Simcha Fisher: Showing up empty-handed

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Photo by Thomas Vitali on Unsplash

We were at Mass.

Christmas Mass, in fact; and I felt, as I always do, that we had arrived unprepared. If I only had one more week of Advent, I could have gotten into the proper frame of mind and organised an acceptable habit of preparedness.

If only I had a bit more time, we could have done more. But Christmas is Christmas, ready or not, and I was left with the thought that at least most of the family was there. And that was not nothing. It’s certainly not the inevitable thing to be taken for granted, that I once thought it was.

Being there doesn’t feel like a bare minimum, these days. It feels like everything possible. That’s not because it’s so incredibly hard to show up for Mass. It’s really not. It’s just that I’m so much more aware than I used to be that any preparation I might do is mostly for show, and doesn’t mean much to anyone besides me. Being there isn’t the minimum; it’s the only thing, the only thing I have to give the Lord.

When I was a new parent, it really was very physically challenging to get all my little ones minimally ready for church. I had to start very far in advance to make sure everybody had a full tummy and a fresh diaper (and more packed up just in case), presentable clothes and shoes, clean hands and face, tidy hair, and toys and books to occupy them but not distract other people.

People who aren’t parents may not realise just how much physical and metal labour it takes to make such a simple thing work, especially if you’ve been up all night the night before taking care of those same children. It’s just a lot of work, and it’s exhausting (and that’s before the hour-long gymnastics session even begins). There’s a reason parents are always carrying so many bags. You need to bring a lot with you, wherever you go.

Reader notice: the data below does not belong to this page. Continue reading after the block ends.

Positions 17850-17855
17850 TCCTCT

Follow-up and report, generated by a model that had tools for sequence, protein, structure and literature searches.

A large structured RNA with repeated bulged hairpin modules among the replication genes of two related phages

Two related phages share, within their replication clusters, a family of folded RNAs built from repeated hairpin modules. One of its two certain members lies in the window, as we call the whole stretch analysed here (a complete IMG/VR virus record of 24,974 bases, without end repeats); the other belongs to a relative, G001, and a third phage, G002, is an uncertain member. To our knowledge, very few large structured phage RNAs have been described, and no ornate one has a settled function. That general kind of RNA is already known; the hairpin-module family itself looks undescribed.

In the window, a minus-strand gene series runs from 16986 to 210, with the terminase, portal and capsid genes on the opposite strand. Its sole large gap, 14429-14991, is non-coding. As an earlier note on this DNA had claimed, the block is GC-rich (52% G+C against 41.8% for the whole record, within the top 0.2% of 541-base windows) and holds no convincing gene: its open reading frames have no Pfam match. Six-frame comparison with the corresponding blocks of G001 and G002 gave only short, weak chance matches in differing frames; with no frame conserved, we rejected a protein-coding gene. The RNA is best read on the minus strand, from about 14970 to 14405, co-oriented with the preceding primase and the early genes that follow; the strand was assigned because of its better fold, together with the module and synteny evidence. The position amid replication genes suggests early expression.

Then, as your kids get older, there is less physical, hands-on labour involved, fewer supplies to carry, but getting them to Mass involves a different, more complex and nuanced kind of work, which is just as exhausting in its way. You must work to teach them what to do, how to follow along and engaged, how to pray, how to think of God as a loving, welcoming Father, but also to take seriously their own responsibility to avoid sin, to repent when they have sinned, to approach the altar with humility.

That’s a lot of work, too, and it’s harder to tell when you’ve accomplished it. When a face must be washed, you wash it, and then it’s clean. But when a child’s conscience must be formed, it’s not only a continuous process, it’s very easy to do it wrong, and hard to tell when you’re doing it wrong, and, when things are clearly going wrong, hard to tell if it’s because of what you’re doing, or because of some other influence entirely. It’s just hard.

Well, you try showing up at Mass without some of your kids. Try showing up and knowing that some of your kids aren’t there by their own choice, after being raised by you. This takes no work whatsoever on your part, but it’s the most exhausting of all.

Literally exhausting, as in, it takes everything from you. You stand there and you are left with nothing, nothing but yourself to drag before the altar and present to God. Here is what I have to show, Lord: Just me. Just my helplessness; that’s all I have. All I have is my mouse strength, my pale shadow, my feeble heart, my shallow breath, my almost-nothing. My failure, which is nothing. Every time I go to Mass, this is what I bring: Pure uselessness.

It’s so hard, it’s easy. All you have to do is show up. What could be simpler?

It wasn’t wrong, to be so busy and burdened before, when my children were all young. Somebody had to do it! Things have to get things done. Somebody had to carry all those loads. But hiding at the center of all forms of human labor is a core of pure uselessness, and it’s good to know that this is so. Because sooner or later, no matter what it is you do, that’s all that will be left: Just you and your helplessness.

This is what we all have to present to the Lord. It’s easy to convince ourselves there’s more to it than that, but there isn’t.

We don’t go to Mass because of what we can bring to the table. I know that. We go to worship, and we go hoping to receive. They say that, when you find yourself empty handed, what’s when God will fill you up. That is what they say! Now we find out.